Probate valuations – stocks and shares
When executing a will, valuing assets can often be straight forward – until you have to undertake probate valuations for stocks and shares.
Property, belongings and savings valuations can be undertaken by an estate agent, an auctioneer or even the executors themselves. It is worth remembering however, that expertise is usually required, in order to receive an accurate valuation. Executors may be held personally liable, if HMRC feels that a valuation is incorrect and launches an investigation.
For this reason, some knowledge of stock and share valuation is preferable. Don't try and guess a valuation. Instead, use an experienced advisor or company, who will review the Grant of Probate and original share certificate or statement before giving you a final and accurate valuation of the deceased's specific stocks or shares in any given instance.
If you are looking for a reputable and experienced probate valuer who can do this for you, IWC Ltd will be more than happy to introduce you to a member of our network who can be relied upon to submit an accurate valuation.
With the inheritance tax threshold frozen at £325,000 until at least 2015, more of us are likely to be caught in the HMRC net. It is important therefore, not only to minimise IHT liability but to avoid inheritance tax investigations.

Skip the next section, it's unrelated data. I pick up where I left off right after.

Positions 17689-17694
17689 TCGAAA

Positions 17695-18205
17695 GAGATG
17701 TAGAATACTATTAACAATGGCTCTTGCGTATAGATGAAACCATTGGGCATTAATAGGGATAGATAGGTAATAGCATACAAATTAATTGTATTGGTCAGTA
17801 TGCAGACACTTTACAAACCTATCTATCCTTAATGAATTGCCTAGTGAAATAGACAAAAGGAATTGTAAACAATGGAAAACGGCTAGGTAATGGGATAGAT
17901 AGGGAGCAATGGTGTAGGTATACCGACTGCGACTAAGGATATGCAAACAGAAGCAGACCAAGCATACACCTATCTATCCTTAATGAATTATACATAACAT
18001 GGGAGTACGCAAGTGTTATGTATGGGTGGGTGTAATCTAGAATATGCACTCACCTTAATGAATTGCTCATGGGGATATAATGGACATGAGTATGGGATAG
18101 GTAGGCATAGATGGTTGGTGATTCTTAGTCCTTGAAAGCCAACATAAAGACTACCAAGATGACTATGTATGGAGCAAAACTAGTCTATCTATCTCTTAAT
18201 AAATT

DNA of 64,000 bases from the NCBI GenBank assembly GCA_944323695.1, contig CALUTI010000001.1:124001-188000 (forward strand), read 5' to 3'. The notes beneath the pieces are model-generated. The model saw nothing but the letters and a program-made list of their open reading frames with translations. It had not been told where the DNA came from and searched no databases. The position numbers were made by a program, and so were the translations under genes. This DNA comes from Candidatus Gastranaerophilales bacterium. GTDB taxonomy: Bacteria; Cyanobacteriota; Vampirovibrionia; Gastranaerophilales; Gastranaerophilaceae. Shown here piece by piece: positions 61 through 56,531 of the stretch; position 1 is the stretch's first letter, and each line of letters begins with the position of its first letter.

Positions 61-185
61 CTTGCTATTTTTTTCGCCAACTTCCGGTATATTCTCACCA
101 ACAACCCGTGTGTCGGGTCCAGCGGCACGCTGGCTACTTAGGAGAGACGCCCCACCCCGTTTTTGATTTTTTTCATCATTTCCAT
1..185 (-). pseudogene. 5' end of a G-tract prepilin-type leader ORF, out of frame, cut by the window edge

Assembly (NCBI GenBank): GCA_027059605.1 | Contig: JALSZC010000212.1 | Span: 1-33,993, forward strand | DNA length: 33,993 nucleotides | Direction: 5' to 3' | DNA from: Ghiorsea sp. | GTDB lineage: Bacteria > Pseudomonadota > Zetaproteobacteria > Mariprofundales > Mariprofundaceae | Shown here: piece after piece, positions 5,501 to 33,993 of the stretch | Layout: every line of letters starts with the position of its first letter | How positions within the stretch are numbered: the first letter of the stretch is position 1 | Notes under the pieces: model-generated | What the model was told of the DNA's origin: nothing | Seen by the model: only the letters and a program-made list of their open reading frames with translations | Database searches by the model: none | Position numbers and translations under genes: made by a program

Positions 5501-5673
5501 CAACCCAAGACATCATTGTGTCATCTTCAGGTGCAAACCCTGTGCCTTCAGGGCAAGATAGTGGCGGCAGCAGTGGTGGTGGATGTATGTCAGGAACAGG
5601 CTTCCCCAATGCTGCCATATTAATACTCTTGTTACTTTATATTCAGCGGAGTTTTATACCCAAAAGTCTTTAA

The role of executor is not to be underestimated and it must be remembered that any mistakes could see you being held personally liable. Therefore, in order to ensure that probate is carried out correctly and without any undue delay, it is important that you see the advice of an experienced probate specialist if required.
One of the key tasks as an executor is to have the deceased’s property and assets valued as accurately as possible. This can of course become more difficult, depending on the complexity of the estate, as they may have offshore assets, savings bonds and property abroad.
By using the services of professional valuers for the various aspects of the estate, you will be ensuring that the probate valuations are as accurate as possible, and on paper, are least likely to attract the attention of the HMRC inheritance tax investigation team.
Remember that an inheritance tax investigation can add a substantial delay to the probate proceedings and could see you being held personally and financially liable for any significant errors made.